Doug George-Kanentiio: Iroquois abandoned by British--again
Formed in the 12th century, the Confederacy was a league of united nations, created to resolve disputes, create a society based on the rule of law and promote trade and commerce across national borders.
For the next 119 years the Confederacy protected the English from Native intrusions while acting as a check against the French to the north.
The English, in return, formally acknowledged the Confederacy as an independent state fully capable, under the law of nations, to enter into treaty with other sovereign entities.
The Iroquois saved the English during the Seven Years War by providing them with vital military information as well as providing front line fighters. Our ancestors fought at Ft. Niagara, Quebec, Ft. George and Oswego. Without us, the French would have secured their colony and expanded into the continental interior.
We carried on with our alliance when the Americans decided to rebel against the crown. For this, we were driven from our ancestral lands, had our communities destroyed by George Washington's scorched earth campaign in 1779 and watched in despair as hundreds of our people starved to death in the following winter.
Yet we held our end of the treaties even when the English abandoned us when they conceded to American independence with the signing of the Treaty of Paris in 1783. Almost all of the Mohawks were forced into exile along the St. Lawrence River but, while we had learned not to trust the English we still maintained our national status and expected the Crown to act accordingly.
The Haudenosaunee 'Right of Return'
By Steven Newcomb
Even under the George W. Bush administration, the United States government did not attempt to stop the Haudenosaunee from traveling internationally on Haudenosaunee passports. Now it appears that the U.S. government may have shifted its position. Under President Barack Obama's watch, it appears that the United States is not going to honor Haudenosaunee passports despite Obama's statements during his election campaign in Indian country that he was going to respect the nation-to-nation relationship between the United States and indigenous nations such as the Haudenosaunee.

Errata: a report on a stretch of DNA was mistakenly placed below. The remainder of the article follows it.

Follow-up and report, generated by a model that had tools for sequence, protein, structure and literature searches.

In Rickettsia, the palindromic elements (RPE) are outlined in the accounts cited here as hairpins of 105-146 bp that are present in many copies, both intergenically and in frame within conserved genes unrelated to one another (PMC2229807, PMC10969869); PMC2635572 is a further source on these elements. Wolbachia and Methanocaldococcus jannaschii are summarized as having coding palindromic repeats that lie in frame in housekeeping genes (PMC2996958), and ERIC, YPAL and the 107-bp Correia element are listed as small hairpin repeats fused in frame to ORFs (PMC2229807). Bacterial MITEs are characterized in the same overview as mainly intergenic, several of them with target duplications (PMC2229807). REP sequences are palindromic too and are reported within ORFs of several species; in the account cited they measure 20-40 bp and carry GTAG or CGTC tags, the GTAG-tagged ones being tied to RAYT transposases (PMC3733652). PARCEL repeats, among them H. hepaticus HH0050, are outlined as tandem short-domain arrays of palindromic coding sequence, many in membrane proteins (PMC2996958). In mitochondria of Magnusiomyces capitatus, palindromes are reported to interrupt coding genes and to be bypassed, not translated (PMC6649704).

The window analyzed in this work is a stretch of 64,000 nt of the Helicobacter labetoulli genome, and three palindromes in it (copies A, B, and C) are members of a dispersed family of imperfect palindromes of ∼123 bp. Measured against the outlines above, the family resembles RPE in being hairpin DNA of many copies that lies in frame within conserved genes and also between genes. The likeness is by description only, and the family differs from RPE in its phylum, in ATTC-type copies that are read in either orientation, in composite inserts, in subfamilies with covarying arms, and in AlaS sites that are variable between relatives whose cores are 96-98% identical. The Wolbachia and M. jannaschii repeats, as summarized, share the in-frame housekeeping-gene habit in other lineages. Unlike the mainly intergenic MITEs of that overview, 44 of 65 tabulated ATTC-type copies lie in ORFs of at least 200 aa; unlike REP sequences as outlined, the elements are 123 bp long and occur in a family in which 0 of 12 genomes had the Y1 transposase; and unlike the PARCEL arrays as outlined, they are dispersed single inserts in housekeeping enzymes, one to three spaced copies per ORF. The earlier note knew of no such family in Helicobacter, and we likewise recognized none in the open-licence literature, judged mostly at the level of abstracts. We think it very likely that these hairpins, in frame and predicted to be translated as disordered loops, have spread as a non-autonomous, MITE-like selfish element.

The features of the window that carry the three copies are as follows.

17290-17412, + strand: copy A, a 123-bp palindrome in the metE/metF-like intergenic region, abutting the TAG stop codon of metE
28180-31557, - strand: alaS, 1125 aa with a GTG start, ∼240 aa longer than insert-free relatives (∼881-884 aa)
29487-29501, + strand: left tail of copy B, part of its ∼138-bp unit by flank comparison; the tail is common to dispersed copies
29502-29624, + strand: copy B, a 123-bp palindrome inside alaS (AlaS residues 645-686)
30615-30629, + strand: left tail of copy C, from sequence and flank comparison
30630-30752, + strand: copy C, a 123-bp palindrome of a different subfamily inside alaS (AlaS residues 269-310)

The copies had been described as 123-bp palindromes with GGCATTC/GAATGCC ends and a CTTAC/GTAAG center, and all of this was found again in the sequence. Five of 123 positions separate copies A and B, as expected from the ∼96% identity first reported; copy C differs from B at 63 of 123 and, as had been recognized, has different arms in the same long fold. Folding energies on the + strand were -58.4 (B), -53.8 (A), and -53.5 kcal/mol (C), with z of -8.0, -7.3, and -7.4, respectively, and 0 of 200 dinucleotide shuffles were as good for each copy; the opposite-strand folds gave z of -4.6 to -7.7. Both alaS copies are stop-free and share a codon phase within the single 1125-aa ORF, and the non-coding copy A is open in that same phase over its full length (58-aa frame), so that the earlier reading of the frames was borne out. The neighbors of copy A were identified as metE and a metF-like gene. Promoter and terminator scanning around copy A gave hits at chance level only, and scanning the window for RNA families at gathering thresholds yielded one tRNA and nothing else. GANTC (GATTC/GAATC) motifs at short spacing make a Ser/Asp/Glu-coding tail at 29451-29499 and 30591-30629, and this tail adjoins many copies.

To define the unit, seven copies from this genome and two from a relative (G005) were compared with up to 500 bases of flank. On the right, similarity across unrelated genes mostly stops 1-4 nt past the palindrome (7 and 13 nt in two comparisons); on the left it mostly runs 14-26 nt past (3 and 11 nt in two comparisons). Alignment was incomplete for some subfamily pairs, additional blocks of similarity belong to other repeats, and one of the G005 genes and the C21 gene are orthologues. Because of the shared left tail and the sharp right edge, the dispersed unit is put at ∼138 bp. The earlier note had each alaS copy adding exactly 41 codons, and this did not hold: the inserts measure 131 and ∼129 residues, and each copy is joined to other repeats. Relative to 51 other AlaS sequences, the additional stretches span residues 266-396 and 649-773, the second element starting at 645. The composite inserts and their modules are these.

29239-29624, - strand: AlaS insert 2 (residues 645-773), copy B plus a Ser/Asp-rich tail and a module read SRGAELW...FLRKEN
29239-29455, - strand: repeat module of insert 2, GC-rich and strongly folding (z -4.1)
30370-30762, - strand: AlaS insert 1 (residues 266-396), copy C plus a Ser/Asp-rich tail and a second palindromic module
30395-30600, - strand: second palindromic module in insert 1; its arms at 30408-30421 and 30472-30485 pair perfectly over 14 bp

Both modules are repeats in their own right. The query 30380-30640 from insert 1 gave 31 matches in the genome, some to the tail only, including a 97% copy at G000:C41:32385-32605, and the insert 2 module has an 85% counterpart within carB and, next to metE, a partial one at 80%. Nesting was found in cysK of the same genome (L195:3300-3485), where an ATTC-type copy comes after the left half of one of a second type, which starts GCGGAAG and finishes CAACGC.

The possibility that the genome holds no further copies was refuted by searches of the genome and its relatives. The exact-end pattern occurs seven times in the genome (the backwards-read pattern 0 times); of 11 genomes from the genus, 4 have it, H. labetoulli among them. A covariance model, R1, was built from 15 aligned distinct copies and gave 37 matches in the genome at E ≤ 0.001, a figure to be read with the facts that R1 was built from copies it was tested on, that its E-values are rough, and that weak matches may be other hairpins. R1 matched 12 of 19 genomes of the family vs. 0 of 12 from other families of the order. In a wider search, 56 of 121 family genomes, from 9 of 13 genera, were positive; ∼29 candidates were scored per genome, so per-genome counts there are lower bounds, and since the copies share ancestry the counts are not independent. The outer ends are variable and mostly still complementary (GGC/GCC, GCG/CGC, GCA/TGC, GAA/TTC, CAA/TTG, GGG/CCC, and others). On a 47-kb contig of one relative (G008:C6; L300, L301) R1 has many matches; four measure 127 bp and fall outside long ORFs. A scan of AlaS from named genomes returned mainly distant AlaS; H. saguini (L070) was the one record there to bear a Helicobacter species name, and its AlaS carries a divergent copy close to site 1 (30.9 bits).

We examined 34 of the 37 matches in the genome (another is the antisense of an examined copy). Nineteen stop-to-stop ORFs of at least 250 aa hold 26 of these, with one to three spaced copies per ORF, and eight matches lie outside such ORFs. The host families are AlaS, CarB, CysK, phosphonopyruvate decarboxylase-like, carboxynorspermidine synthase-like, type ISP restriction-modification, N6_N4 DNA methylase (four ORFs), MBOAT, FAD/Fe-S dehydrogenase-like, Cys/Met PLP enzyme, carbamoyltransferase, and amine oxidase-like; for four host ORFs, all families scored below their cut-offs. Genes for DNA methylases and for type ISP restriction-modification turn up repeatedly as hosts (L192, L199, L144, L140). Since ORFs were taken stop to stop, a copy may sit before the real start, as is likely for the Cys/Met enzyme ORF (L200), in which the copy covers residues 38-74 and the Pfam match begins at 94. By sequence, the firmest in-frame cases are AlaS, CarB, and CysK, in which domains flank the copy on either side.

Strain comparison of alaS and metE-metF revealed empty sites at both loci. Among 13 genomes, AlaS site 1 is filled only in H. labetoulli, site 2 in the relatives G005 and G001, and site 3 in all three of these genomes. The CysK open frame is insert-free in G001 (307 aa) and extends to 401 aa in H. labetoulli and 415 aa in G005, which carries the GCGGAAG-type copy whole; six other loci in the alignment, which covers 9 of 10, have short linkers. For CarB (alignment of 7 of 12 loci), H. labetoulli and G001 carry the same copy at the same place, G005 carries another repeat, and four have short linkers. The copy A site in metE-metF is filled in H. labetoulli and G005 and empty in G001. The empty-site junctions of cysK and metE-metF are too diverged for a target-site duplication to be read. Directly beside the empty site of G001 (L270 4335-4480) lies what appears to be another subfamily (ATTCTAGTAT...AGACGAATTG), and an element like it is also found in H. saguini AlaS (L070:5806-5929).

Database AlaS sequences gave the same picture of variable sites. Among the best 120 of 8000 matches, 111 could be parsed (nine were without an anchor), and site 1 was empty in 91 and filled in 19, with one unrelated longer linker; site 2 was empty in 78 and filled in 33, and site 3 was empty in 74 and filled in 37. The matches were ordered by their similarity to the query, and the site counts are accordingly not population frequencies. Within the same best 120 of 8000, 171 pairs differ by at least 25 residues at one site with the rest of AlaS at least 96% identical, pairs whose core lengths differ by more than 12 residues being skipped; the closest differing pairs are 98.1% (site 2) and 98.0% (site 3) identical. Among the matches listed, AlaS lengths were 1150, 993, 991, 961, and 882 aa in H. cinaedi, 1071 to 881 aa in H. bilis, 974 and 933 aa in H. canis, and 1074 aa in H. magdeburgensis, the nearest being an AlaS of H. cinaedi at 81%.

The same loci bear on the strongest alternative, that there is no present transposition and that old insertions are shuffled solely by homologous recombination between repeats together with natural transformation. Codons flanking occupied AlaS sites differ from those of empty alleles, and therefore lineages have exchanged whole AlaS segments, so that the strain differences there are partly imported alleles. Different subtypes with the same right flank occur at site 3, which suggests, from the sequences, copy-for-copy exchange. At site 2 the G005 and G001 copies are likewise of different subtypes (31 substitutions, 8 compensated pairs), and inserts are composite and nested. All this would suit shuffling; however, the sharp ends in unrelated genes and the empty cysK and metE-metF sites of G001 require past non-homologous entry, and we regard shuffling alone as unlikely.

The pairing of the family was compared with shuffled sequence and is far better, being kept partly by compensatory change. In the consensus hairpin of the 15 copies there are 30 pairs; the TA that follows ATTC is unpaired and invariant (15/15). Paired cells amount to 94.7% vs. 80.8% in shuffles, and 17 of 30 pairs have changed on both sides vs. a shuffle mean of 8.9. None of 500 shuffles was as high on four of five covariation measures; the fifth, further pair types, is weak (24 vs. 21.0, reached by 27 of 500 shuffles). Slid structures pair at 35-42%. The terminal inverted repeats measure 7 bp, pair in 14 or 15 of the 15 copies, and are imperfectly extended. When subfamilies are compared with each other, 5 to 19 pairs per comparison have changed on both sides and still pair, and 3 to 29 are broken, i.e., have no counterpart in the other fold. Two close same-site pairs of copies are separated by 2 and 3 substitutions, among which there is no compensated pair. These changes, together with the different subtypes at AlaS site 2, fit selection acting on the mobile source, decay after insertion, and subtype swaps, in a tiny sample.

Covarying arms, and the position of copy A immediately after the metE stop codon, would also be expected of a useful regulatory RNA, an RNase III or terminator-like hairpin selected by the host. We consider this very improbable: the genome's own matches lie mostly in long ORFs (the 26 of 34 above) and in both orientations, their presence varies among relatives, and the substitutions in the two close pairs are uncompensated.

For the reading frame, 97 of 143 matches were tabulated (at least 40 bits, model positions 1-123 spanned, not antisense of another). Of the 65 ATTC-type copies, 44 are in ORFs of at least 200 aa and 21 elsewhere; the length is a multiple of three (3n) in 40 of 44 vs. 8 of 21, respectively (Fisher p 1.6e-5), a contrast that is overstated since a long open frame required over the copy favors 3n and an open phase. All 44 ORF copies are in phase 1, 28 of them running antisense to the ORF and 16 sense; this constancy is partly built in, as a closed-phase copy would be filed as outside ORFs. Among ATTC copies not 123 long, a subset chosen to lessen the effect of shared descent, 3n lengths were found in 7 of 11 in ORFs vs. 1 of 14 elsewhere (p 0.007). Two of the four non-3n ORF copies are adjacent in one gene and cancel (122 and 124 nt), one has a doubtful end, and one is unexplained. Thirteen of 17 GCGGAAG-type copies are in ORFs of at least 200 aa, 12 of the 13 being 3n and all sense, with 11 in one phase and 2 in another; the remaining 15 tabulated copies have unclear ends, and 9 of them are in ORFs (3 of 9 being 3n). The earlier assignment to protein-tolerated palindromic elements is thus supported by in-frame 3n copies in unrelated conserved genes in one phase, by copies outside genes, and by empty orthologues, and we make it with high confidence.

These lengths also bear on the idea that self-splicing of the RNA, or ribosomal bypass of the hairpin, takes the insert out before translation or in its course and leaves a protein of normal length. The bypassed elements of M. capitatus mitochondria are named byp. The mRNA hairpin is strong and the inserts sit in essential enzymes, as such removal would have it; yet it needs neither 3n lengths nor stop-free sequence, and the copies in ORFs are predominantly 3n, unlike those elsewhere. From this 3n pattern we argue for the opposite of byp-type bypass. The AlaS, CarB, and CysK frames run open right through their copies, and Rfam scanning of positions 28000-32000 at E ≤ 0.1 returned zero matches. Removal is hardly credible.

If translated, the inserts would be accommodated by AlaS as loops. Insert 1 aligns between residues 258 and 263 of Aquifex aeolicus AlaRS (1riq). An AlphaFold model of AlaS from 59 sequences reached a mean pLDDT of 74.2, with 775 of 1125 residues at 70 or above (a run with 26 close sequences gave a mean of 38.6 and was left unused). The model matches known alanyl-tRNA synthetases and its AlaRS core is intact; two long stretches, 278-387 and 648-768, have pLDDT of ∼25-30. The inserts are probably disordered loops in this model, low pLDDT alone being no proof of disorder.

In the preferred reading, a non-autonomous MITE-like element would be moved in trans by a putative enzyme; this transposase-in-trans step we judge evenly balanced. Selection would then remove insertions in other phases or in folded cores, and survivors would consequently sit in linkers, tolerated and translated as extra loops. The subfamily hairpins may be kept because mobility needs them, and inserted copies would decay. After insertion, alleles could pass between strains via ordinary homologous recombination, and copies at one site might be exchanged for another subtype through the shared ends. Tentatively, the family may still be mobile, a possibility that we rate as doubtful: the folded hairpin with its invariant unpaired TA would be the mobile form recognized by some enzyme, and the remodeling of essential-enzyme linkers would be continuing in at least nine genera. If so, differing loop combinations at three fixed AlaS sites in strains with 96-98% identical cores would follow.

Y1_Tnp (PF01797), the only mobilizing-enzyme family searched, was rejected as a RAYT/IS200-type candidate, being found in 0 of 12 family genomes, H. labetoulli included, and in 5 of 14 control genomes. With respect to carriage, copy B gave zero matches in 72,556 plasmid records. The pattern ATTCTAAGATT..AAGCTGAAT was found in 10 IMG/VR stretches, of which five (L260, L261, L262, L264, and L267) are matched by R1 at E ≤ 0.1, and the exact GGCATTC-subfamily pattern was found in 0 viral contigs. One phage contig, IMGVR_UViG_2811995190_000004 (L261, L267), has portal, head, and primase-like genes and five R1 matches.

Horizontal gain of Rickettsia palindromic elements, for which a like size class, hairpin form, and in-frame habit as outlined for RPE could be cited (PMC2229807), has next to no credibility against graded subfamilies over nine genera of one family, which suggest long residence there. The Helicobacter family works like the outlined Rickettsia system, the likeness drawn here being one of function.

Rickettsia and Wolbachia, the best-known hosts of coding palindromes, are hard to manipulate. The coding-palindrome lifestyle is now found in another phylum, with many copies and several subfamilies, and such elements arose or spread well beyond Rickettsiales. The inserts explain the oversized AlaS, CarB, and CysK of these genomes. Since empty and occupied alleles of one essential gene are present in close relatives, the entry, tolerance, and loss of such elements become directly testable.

It is conceivable that the United States might try to say that the Haudenosaunee players traveling on their own national passports is an issue of "national security" for the United States. Yet to make this argument in any credible manner, the U.S. government would have to explain how Haudenosaunee lacrosse players pose any sort of threat to the United States by traveling on Haudenosaunee passports. There is no such argument to be made because, quite simply put, international travel by lacrosse players on Haudenosaunee passports poses no national security threat to the United States.
Off the Reservation: Iroquois Nationals Lacrosse Team vs. America
By Jed Morey
On the surface it didn’t appear to be such a big deal. But in Indian country, everything comes at a price. If the team had capitulated and agreed to accept U.S. passports to travel abroad they would have established yet another dangerous precedent in U.S./Indian relations. Acquiescing to this solution would essentially have ceded the issue of sovereign recognition on a very significant level. And while it may seem innocuous, I can assure you it is not. Every step closer to acknowledging that tribal lands are nothing more than bizarre extensions of U.S. territory is a step closer to losing the fundamental rights of indigenous nations. This is more than a lacrosse tournament.
Below: "Percy Abrams, executive director for the Iroquois Nationals Lacrosse team, shows his Iroquois Nation Haudenosaunee passport during a news conference in New York, Wednesday, July 14, 2010. Secretary of State Hillary Rodham Clinton granted the 23-member team a one-time waiver to travel to England for the Lacrosse World Championships after they were barred from using Iroquois passports." (AP Photo/Bebeto Matthews)
My favorite part about this whole story was hearing about it on the BBC World Service and having the British commentator attempt to pronounce "Iroquois" (It's Ear-a-Kwas right?)
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